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What thickness rigging cord do I need?

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Now that I shall start thinking of rigging of my build, a wooden ketch Clara May which is in scale 1/48, I am totally confused about the thicknesses of the cords and threads which I need. I would like to place my order for all necessary cords at the same time, but what to order? There are hundreds of different materials and thicknesses available, but which of them to choose?



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That's a real good question, one that I cannot answer. Have you tried contacting Chuck @ Syren? I'm sure if you asked him he would be able to help you. He is the resident expert on rigging rope and his rope is fantastic.

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Although it is a little before the time period for the Clara May, David Steels The Art of Rigging gives a table of rigging dimensions for fore and aft rigged schooners of about 100 tons.  It may be a good starting point in your research.



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Current Build:  Le Soleil Royal

Completed Build Amerigo Vespucci

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In addition to Steel,  Lees Masting and Rigging  is also a consideration as he makes mention that all line sizes are appropriate for all rates for all time periods in the book which is a little before 1891 for Clara May.  With only a few exceptions such as ratlines and brails which are pointed out with given dimensions, the line sizes  are given as circumferences and are proportional based on the size of the appropriate mast stay and these were found in comparison to the lower stays which in turn are given in ratio size compared to the lower masts. While this may seem daunting it is easy to get the hang of it quickly.  I rarely rig, but when I have done so, I do all the calculations and write them down then write the scale size circumference then calculate the diameter.  That was  I have an idea on what line sizes Iwill need and how much of each.  Note that you will not be able to get exact scale circumferences/diameters as there are only so many line sizes that can be purchased, but will be close.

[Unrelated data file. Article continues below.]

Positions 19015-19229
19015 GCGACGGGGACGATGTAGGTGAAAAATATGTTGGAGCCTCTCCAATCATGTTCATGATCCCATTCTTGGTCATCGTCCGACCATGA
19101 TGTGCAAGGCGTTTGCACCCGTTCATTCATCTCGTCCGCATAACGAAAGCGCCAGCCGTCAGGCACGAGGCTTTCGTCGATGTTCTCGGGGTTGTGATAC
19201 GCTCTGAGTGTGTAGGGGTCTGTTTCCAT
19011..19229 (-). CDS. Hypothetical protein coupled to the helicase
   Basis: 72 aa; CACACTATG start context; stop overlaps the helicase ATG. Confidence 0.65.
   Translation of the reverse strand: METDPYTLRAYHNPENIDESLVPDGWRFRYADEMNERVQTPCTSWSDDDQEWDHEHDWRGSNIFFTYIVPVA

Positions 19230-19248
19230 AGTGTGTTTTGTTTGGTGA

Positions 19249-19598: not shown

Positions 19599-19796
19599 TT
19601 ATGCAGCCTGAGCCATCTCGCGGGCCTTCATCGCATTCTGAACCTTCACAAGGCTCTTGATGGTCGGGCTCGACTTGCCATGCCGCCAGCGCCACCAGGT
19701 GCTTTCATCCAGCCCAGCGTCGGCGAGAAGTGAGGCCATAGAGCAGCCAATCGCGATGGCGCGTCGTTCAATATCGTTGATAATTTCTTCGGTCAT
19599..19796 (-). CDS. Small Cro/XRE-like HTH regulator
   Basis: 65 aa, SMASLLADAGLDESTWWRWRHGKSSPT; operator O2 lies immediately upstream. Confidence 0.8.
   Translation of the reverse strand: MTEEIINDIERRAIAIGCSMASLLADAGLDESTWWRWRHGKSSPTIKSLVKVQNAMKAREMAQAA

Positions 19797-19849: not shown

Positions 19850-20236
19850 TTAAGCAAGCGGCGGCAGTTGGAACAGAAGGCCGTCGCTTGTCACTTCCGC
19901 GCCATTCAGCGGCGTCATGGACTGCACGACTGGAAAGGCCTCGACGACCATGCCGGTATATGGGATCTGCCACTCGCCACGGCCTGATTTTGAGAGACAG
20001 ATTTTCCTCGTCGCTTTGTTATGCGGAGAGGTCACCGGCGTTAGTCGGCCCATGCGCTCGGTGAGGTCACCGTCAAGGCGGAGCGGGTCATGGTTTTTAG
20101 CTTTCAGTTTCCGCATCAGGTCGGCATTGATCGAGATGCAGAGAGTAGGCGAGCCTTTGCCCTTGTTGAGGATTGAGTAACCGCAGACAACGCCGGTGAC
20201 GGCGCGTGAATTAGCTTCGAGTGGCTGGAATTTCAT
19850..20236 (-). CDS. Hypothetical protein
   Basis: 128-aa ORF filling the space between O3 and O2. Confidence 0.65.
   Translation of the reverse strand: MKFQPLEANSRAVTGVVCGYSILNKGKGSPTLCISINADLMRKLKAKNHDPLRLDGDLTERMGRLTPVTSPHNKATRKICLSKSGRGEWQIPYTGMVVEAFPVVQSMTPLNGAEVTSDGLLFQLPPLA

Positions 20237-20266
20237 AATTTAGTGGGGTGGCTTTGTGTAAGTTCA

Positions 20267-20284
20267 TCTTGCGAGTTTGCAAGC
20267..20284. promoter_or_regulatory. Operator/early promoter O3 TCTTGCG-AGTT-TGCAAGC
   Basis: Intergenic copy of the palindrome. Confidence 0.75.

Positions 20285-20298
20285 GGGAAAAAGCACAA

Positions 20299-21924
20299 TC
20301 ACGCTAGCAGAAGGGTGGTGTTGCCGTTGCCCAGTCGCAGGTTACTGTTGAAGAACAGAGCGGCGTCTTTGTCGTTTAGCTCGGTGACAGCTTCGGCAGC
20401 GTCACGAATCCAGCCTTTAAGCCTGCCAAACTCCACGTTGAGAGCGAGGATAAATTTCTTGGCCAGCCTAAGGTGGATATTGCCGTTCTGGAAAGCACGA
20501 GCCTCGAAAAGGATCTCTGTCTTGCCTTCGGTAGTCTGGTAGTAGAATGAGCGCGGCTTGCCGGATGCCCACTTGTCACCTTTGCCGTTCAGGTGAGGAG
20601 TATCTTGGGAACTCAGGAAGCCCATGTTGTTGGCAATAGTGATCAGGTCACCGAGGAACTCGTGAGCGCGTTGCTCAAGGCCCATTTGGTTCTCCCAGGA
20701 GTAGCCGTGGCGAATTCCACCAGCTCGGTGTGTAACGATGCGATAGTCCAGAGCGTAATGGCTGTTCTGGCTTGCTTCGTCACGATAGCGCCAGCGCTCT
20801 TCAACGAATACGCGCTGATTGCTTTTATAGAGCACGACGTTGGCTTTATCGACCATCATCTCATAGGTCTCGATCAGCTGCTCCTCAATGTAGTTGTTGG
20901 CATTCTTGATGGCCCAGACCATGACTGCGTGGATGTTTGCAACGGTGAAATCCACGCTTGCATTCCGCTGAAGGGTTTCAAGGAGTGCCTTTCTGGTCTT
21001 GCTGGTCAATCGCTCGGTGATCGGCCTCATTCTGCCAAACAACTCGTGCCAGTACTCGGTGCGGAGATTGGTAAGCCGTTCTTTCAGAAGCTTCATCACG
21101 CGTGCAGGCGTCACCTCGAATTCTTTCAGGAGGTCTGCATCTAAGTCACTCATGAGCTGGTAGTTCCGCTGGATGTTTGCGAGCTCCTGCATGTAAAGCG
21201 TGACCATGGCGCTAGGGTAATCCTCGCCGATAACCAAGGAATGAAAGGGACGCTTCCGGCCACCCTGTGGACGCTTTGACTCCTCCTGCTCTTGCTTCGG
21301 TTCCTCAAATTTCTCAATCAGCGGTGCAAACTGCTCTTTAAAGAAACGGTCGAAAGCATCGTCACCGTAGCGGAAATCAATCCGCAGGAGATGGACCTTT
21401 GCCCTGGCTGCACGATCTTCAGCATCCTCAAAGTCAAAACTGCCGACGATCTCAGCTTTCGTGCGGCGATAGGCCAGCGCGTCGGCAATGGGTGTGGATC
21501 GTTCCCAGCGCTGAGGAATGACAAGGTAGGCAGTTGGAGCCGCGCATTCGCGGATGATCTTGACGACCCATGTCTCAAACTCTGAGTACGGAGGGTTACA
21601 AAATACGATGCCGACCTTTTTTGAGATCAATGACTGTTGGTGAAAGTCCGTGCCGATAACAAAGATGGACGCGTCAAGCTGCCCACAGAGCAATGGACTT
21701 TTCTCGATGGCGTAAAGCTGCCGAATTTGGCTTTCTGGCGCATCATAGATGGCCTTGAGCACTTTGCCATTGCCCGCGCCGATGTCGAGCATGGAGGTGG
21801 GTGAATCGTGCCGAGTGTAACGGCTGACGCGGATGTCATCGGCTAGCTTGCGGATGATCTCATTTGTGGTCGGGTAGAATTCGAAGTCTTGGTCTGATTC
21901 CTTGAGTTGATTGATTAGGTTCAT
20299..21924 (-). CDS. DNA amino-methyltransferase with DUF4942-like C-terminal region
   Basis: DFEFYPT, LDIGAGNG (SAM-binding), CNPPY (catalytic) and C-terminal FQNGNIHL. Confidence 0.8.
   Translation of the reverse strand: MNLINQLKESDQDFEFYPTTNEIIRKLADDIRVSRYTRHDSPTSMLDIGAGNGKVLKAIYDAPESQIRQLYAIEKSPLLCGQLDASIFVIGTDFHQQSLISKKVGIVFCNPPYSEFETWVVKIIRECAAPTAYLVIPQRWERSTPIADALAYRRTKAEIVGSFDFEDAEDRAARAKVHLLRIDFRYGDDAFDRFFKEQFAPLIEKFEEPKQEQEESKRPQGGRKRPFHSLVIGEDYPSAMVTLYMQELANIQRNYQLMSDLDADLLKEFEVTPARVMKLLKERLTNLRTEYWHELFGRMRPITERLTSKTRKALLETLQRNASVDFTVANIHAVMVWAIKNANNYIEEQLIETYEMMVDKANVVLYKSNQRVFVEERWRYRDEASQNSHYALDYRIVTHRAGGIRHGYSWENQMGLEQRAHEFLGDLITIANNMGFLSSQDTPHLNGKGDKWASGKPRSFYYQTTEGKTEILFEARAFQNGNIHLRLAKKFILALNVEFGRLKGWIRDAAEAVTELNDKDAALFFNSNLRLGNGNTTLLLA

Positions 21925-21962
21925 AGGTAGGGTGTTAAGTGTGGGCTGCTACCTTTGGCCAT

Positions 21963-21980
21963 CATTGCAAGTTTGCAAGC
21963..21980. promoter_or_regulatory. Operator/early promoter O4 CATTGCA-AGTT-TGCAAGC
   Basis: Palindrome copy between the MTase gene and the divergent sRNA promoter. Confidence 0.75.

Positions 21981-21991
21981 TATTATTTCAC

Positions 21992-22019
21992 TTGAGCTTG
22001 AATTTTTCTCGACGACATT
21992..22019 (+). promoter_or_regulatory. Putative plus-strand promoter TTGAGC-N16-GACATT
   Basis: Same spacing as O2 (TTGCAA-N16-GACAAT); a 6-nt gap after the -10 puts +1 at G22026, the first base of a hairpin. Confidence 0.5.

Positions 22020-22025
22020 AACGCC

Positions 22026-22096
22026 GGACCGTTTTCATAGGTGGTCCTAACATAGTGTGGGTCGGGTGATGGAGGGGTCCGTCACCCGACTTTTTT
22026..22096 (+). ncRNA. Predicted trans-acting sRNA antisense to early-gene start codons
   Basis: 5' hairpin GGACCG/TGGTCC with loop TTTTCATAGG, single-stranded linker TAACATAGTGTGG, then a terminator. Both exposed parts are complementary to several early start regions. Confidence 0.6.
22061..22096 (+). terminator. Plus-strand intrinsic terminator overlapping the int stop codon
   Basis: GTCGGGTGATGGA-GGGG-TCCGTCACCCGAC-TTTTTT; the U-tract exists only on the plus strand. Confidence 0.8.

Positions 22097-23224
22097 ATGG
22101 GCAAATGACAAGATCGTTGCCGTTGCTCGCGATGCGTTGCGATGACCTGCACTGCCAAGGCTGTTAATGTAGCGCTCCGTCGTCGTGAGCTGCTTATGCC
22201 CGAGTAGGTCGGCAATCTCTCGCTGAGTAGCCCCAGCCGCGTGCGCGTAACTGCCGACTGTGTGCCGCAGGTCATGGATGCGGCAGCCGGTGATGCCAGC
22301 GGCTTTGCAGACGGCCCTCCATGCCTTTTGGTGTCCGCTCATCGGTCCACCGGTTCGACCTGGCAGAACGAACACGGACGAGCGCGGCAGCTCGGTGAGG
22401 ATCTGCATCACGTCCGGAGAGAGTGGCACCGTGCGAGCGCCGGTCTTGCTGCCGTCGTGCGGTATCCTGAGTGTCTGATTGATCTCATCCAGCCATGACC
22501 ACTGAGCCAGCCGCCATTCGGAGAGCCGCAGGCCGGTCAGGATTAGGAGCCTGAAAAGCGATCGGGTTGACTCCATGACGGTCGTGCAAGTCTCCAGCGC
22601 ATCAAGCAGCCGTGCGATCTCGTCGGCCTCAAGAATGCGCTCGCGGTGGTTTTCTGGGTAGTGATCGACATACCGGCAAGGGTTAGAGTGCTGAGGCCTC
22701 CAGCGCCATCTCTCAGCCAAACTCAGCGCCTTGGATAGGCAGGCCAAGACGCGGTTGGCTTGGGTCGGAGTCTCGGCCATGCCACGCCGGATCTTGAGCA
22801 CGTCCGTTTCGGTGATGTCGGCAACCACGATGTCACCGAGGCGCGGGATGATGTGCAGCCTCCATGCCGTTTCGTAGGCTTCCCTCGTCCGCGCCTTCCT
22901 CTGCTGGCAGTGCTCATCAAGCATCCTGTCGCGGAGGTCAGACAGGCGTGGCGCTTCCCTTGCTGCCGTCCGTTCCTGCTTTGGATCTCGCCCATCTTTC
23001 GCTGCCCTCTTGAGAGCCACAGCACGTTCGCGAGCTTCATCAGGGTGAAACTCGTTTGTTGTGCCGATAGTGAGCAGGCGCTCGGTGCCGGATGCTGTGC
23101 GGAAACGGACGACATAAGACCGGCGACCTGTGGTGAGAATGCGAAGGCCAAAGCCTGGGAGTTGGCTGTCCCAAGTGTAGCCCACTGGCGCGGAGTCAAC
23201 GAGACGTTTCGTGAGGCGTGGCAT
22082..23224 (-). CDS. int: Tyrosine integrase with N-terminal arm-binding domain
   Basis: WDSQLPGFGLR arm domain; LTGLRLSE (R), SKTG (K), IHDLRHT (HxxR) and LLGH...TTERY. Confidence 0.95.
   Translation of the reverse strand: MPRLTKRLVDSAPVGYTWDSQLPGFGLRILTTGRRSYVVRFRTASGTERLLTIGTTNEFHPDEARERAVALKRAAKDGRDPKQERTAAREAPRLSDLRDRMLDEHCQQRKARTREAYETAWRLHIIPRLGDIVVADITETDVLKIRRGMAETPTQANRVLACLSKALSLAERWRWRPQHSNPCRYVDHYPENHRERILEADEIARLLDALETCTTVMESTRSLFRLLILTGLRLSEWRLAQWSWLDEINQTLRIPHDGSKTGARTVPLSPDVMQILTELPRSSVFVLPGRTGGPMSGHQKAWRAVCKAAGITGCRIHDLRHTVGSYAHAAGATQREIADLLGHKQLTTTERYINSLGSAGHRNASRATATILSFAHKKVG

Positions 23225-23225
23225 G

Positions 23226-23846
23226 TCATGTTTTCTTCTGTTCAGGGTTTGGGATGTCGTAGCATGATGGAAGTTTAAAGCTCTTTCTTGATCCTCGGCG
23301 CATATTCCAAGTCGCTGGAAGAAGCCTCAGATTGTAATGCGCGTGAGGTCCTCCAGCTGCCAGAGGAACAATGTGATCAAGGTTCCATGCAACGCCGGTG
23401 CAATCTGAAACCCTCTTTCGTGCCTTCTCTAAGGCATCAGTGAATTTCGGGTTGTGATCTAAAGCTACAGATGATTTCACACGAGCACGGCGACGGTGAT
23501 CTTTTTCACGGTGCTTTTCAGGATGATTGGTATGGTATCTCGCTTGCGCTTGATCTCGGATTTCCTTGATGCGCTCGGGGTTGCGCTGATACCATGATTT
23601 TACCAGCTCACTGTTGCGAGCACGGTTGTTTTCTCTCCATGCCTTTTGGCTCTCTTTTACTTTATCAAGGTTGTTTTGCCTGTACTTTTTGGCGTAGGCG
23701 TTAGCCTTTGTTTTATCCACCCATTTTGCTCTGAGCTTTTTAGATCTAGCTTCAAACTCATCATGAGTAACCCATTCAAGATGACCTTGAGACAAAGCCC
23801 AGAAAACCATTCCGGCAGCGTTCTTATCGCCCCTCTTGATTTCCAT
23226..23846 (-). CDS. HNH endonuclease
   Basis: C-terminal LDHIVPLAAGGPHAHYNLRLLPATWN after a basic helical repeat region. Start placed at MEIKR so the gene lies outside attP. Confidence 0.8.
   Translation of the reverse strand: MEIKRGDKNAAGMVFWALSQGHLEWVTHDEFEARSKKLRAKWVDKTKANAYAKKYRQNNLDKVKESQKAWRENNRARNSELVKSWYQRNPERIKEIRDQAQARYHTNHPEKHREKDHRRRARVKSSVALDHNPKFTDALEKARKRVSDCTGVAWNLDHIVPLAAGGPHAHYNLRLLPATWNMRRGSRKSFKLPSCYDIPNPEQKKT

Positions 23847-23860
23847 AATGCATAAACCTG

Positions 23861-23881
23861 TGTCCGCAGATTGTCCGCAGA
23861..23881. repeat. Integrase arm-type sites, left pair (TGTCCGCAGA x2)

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I think about mid 19th century - steel cable started being used.  It migrated starting with the large commercial vessels and over time got to some of the small independents.  The metal would have smaller dimensions than fiber rigging. 


Another part that confuses me is the dimensions the rigging tables refer to.  For modelers, it is easier to measure diameter,  for full size line, I think they used circumference.  There is a potential to be off by a factor of 3 in rope size if you don't get that right.

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HMS Ajax 1767 - 74-gun 3rd rate - 1:192 POF exploration - works but too intense -no margin for error

HMS Centurion 1732 - 60-gun 4th rate - POF Navall Timber framing

HMS Beagle 1831 refiit  10-gun brig with a small mizzen - POF Navall (ish) Timber framing

The U.S. Ex. Ex. 1838-1842
Flying Fish 1838  pilot schooner - POF framed - ready for stern timbers
Porpose II  1836  brigantine/brig - POF framed - ready for hawse and stern timbers
Vincennes  1825  Sloop-of-War  - POF timbers assembled, need shaping
Peacock  1828  Sloop-of -War  - POF timbers ready for assembly
Sea Gull  1838  pilot schooner - POF timbers ready for assembly
Relief  1835 packet hull USN ship - POF timbers ready for assembly